The market for infrastructure investments has become increasingly competitive. In this piece from i3, Barings’ Naoki Ohta discusses the infrastructure secondaries market and where Barings is seeing opportunities today.
Infrastructure secondary funds and transactions can link investors with long-lived assets
In many ways, today’s infrastructure investment market is similar to the market of 2005 to 2007. A lot of capital is being raised by closed-end funds, and the asset class is attracting interest from investors who are new to the market. But one aspect of today’s market that was missing 10 years ago is there are more clear paths not only to exit investments but also extend those investments in order to continue to benefit from a yielding portfolio of mature assets.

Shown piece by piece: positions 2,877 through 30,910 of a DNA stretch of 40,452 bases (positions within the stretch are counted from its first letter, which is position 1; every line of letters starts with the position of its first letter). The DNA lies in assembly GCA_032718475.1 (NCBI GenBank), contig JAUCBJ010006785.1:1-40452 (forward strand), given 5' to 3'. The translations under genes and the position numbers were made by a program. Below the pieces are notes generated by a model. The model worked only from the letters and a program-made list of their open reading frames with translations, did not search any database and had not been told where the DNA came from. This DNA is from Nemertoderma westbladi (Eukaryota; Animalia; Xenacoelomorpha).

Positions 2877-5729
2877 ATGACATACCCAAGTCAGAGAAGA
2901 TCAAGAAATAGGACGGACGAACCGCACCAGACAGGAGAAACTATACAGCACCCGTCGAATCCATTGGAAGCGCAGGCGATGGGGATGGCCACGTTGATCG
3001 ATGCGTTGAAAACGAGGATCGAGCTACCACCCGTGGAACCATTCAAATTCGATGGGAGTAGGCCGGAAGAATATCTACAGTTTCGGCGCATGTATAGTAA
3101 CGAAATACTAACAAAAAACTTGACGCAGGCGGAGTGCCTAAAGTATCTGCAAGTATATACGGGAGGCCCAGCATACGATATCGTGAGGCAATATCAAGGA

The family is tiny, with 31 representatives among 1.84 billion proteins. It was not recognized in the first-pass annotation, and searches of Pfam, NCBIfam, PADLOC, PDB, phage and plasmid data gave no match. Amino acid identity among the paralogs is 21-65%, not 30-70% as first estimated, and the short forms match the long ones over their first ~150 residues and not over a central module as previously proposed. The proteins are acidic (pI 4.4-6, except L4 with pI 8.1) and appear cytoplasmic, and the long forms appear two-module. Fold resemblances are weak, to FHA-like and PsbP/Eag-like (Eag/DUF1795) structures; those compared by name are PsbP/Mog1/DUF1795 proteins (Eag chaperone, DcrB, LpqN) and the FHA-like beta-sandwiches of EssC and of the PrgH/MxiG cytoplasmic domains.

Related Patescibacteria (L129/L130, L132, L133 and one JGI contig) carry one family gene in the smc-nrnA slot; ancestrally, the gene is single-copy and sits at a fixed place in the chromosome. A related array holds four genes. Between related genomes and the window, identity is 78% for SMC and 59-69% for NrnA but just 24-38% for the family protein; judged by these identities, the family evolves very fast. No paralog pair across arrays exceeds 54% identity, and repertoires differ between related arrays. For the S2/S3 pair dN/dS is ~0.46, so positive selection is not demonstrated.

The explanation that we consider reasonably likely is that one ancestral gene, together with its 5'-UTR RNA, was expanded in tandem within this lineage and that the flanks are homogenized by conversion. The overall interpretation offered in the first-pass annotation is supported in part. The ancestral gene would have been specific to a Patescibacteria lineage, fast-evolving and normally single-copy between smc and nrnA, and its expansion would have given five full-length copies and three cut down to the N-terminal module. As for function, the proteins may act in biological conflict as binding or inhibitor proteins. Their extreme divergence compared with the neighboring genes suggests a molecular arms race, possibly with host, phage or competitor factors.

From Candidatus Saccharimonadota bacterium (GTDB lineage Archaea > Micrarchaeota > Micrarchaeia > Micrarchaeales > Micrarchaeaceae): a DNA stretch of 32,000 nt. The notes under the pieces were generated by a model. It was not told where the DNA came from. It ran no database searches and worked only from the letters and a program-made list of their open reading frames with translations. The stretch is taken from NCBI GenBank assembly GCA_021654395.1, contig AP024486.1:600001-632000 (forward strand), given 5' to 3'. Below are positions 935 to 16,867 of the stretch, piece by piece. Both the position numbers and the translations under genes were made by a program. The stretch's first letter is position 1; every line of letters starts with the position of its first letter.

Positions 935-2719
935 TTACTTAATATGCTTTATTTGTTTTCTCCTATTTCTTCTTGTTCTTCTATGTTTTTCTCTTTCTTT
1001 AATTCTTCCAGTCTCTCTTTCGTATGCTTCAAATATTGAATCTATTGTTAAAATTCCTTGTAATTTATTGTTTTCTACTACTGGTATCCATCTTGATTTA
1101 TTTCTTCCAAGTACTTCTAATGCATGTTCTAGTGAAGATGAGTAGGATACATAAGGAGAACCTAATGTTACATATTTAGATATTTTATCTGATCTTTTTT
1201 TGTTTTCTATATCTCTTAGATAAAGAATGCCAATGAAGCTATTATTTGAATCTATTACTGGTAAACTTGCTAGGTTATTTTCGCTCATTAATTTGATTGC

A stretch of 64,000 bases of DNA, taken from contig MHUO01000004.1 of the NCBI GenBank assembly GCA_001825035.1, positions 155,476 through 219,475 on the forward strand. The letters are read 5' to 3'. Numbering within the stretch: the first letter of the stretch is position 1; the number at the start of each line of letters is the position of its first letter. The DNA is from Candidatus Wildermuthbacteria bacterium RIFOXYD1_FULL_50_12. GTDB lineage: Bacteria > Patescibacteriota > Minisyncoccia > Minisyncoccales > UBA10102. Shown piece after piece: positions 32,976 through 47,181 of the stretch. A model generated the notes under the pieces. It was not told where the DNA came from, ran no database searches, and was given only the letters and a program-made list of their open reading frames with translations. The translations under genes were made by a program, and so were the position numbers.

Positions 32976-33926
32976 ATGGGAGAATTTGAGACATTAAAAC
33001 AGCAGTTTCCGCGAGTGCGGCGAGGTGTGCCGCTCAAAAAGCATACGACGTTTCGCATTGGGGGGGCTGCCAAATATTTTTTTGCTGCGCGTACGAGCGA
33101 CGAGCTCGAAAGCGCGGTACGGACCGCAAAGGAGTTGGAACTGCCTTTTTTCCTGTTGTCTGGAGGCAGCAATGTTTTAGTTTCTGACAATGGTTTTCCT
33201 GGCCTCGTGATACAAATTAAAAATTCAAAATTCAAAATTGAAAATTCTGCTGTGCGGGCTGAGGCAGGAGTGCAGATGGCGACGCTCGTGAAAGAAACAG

Today, in addition to the traditional exit at the typical 10- to 12-year life of a closed-end fund, investors are better able to sell their interest in a fund to another limited partner investor in the secondary market, or even participate in a secondary transaction to extend the life of a fund.